Ema Blue spends Wednesday afternoons with me at my studio. She is my unofficial “gallery assistant” and art student. She dusts Tim’s furniture, sweeps the sidewalk, takes Charlie for a walk, fetches me coffee from across the street, and makes lovely sidewalk chalk signs in front of the gallery. Ema is 11 years old.
Ema is meticulous, creative, precise, funny, cheerful, interested, respectful and persistent. I enjoy her company immensely and I truly look forward to Wednesdays.
For the last few weeks, Ema has worked steadily on a mixed-media artwork. Inspired by the image transfers some of my women friends and I made during one of our Girls Art Nights, Ema started with some image transfers onto a canvas, then used water-soluble colored pencils and collage to complete her piece. I’m always impressed when a young person can sustain interest in a project over a period of days or weeks, and she did on this piece. She finished this one yesterday.
I will write another post soon with my thoughts on the image transfer technique we used, and how to enhance the transfers with other media to create something lovely. Hope you enjoyed seeing Ema Blue’s artwork. Please let her know what you think/feel about her painting by leaving a comment below. Thank you!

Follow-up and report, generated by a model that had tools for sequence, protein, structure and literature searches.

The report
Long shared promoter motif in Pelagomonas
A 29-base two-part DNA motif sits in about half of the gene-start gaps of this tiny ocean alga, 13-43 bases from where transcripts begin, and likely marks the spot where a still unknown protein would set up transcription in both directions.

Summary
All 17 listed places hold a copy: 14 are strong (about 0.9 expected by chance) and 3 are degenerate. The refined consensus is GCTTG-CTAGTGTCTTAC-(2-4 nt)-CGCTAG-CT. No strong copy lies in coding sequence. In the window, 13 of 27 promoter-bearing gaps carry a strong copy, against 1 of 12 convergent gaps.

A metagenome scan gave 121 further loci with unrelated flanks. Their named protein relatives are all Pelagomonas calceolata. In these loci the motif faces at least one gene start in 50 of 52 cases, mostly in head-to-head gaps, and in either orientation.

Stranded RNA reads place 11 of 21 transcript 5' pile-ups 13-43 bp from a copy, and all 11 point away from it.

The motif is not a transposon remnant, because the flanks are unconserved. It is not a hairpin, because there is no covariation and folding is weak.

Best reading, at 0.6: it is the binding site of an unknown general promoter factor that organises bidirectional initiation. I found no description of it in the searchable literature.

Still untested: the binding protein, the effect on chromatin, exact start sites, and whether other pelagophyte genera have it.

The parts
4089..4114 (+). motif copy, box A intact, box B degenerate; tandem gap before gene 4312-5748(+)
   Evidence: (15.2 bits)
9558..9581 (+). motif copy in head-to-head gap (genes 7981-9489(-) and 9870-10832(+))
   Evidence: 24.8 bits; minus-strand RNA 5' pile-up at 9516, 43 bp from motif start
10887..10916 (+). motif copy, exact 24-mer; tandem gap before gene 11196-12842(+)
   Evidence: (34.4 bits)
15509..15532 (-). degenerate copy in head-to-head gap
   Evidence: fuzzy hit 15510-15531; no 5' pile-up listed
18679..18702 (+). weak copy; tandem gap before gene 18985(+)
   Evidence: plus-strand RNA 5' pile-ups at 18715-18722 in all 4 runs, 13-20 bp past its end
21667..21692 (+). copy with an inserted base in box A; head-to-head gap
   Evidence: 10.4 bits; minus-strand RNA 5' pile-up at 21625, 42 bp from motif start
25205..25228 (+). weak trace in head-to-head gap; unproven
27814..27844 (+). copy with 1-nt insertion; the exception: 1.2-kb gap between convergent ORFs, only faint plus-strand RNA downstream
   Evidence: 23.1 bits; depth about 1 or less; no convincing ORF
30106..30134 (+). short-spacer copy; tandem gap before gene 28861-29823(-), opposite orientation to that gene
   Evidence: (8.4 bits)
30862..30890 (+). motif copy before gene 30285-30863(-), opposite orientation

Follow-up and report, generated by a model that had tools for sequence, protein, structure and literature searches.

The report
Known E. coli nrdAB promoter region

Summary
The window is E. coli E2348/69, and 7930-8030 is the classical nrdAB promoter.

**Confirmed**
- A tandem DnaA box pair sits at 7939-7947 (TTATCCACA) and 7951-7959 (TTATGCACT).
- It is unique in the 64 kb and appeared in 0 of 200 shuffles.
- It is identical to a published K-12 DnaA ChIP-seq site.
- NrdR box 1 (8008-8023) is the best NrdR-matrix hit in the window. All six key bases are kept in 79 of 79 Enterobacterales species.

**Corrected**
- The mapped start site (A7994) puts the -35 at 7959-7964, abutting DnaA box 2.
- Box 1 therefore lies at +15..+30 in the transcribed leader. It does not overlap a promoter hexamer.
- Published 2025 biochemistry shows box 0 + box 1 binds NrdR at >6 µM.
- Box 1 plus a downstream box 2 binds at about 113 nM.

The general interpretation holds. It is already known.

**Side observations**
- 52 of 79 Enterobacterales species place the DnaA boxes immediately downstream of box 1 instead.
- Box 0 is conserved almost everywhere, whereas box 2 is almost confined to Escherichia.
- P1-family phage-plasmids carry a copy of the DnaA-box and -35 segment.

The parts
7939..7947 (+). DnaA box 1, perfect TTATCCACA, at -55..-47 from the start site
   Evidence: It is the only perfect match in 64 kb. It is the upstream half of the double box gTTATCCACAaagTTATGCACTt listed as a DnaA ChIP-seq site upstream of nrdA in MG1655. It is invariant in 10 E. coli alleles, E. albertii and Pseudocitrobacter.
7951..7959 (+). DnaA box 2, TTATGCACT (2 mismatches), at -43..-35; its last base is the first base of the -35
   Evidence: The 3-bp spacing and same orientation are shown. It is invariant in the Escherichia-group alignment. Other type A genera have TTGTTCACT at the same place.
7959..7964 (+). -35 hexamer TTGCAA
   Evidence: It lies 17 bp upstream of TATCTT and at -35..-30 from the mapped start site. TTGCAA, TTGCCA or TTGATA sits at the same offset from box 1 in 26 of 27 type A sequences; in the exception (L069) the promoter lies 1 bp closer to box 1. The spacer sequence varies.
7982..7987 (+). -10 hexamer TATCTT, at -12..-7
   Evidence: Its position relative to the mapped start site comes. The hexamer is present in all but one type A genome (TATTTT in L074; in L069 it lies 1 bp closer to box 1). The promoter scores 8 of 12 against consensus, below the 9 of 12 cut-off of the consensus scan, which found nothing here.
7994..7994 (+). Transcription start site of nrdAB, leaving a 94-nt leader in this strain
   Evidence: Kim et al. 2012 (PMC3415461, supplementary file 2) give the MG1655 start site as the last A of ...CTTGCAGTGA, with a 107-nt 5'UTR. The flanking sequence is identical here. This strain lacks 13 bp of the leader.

Last Saturday, the Holter Museum of Art held KidWorks! — it’s 23rd annual arts festival for kids. What a blast!! I had an amazing opportunity to help put on this fun event and boy was it alot of work. Yet, when we opened the doors of the museum at 10:00 am, just like Connie, Judy, Sondra and Hannah told me, the festival took care of itself. A gigantic bulldozer of little kids and and their significant adults moved through the museum playing, delighting, learning, appreciating, thoroughly enjoying themselves and getting a messy education in the wonderment of art.
For me — as a docent — it was incredibly fun (I hardly stopped smiling except when I was concentrating,) extremely exhausting (the tables were set to little kid height and my back hurt like hell at the end of the day) but so, so fulfilling to share my enthusiasm about art with this many kids and their peeps.
I absolutely loved witnessing the diversity of approaches. Every child, has a unique way of seeing the world and expressing what they see! As docents, we have to Let Go of Results and Outcomes. Allow Mess. Delight in Oops. Multi-task-yet-Focus. Smile. Laugh. Make Eye Contact. Then. Clean. Up.
Well … it seems at the Holter, “docent” is a fancy word for a volunteer who:
works really hard